Will smoking stack the odds against you in a child custody case?
Although the state of Nevada and the Las Vegas area in particular are more tolerant of smoking than other places in the U.S., its family courts may not be. That’s the trend anyway, as evidenced by a recent survey of child custody cases involving tobacco use conducted by the anti-tobacco advocacy group Action on Smoking and Health.
The study suggests that an increasing number of family courts nationwide are using smoking as a factor when making child custody decisions. Currently, courts in 18 states have ruled that subjecting children to secondhand smoke should be considered as a factor in custody cases. Equally important is the fact that this survey found no ruling in any state where a judge said that subjecting a child to secondhand smoke should be ignored.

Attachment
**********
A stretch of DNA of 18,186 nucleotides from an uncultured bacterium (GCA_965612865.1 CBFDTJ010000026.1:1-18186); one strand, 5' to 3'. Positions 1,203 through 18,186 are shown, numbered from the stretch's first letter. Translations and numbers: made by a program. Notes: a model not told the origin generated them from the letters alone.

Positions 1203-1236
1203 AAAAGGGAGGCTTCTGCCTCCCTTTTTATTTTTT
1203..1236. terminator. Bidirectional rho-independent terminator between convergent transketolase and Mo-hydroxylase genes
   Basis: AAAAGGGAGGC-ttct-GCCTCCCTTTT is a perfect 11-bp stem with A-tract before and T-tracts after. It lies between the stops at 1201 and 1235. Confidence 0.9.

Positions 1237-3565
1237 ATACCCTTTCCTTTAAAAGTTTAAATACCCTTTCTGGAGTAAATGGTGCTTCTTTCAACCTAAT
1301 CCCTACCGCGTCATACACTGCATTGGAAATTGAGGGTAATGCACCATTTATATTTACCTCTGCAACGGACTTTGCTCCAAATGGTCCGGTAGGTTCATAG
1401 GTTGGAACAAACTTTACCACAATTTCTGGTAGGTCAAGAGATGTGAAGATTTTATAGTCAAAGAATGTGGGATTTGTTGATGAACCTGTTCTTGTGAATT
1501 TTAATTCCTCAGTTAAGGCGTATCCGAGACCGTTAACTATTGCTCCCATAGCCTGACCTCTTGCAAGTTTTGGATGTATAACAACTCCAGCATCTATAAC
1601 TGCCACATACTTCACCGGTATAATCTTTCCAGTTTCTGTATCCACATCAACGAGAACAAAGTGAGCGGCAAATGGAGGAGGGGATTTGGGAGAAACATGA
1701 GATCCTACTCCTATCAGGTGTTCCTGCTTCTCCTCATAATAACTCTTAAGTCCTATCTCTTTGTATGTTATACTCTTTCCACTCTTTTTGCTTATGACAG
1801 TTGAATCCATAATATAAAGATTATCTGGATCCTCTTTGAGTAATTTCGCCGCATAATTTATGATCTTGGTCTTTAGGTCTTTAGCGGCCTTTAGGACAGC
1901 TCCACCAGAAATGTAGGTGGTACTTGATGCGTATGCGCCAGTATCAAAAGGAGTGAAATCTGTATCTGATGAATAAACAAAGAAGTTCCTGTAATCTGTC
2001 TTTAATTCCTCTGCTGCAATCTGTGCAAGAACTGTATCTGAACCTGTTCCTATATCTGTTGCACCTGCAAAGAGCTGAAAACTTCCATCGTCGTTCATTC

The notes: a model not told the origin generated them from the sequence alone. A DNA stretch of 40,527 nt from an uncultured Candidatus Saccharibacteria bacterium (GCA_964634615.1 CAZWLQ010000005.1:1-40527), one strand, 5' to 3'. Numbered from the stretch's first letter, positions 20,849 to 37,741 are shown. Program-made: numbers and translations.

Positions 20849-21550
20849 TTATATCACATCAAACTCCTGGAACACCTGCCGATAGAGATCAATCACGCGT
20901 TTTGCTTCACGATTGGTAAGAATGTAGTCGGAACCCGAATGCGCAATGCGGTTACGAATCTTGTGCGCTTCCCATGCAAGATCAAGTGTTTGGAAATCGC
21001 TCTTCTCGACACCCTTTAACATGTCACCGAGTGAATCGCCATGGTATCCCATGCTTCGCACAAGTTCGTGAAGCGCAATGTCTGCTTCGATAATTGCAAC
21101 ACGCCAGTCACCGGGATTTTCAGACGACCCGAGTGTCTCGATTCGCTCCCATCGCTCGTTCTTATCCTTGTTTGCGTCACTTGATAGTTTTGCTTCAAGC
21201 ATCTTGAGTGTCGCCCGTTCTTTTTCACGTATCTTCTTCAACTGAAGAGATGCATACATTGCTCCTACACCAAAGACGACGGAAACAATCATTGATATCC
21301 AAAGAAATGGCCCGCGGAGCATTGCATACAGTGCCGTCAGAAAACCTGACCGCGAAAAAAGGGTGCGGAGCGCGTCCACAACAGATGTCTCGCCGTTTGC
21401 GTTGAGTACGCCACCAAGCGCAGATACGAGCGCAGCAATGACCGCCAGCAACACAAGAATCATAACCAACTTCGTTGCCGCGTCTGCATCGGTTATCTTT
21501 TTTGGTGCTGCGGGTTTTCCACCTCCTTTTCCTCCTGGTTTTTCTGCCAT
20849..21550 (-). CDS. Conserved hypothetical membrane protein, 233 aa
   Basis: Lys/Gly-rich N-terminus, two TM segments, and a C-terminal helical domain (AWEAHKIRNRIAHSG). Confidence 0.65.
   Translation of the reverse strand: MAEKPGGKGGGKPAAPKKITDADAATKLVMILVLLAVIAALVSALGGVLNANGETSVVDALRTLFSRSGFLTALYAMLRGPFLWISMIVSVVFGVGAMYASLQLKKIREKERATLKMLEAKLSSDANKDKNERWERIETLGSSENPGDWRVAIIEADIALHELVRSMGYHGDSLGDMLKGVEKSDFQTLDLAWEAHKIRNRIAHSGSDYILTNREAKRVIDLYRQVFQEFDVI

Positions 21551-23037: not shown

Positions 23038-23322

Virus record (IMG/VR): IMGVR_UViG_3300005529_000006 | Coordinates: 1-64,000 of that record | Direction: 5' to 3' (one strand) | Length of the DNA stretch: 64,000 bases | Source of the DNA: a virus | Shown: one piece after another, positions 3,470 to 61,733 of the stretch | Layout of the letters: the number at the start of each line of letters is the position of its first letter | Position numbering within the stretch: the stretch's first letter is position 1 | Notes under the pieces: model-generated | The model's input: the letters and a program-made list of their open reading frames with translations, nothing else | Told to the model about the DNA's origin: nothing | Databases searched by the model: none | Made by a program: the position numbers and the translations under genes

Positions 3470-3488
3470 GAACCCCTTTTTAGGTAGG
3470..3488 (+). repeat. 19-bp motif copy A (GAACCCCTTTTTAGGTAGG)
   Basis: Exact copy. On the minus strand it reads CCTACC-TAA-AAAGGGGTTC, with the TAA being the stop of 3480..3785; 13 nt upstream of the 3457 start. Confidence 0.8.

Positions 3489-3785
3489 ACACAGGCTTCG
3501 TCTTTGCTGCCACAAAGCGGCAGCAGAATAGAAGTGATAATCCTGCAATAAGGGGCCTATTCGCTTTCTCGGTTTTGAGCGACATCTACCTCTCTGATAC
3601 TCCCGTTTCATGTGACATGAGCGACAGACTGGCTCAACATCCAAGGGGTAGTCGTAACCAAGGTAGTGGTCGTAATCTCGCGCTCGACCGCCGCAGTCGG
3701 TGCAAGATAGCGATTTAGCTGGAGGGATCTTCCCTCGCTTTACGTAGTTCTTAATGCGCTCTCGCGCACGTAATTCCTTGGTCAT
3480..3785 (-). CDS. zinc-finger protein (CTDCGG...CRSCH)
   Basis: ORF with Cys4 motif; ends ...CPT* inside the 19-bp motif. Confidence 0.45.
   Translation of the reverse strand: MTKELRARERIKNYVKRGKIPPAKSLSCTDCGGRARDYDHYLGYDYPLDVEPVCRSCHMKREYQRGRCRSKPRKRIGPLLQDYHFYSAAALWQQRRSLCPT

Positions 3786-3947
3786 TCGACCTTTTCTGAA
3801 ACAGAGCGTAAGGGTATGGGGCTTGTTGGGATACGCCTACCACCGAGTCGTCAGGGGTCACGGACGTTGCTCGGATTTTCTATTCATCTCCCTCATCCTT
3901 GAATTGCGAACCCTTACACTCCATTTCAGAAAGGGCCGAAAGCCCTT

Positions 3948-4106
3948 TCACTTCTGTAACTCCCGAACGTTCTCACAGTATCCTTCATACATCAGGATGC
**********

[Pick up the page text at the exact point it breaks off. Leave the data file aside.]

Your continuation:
In Nevada, courts consider several factors when addressing the question of child custody, including the preferences of older children, the mental and physical health of the parents, and the physical, developmental and emotional needs of the children. In a child custody dispute, all three of these factors (and possibly others) could work against parents who still smoke.
Does this mean that smokers can’t win full custody or even joint custody? Not necessarily, but if you still smoke, have minor children and are planning to get a divorce — you may want to consider kicking the habit. Unfortunately, quitting smoking may not be the easiest thing to do in the midst of a divorce.
At the very least, if you can’t quit, you will want to make certain that neither you nor anyone else exposes your children to cigarette smoke from this point forward. That means no smoking in your house or your car when your children are present. Some courts have even issued orders that prohibited smoking in a home up to 48 hours prior to the children’s arrival.
Source: The Washington Times, “Smokers losing child custody cases a growing trend,” Myra Fleischer, Feb.21, 2012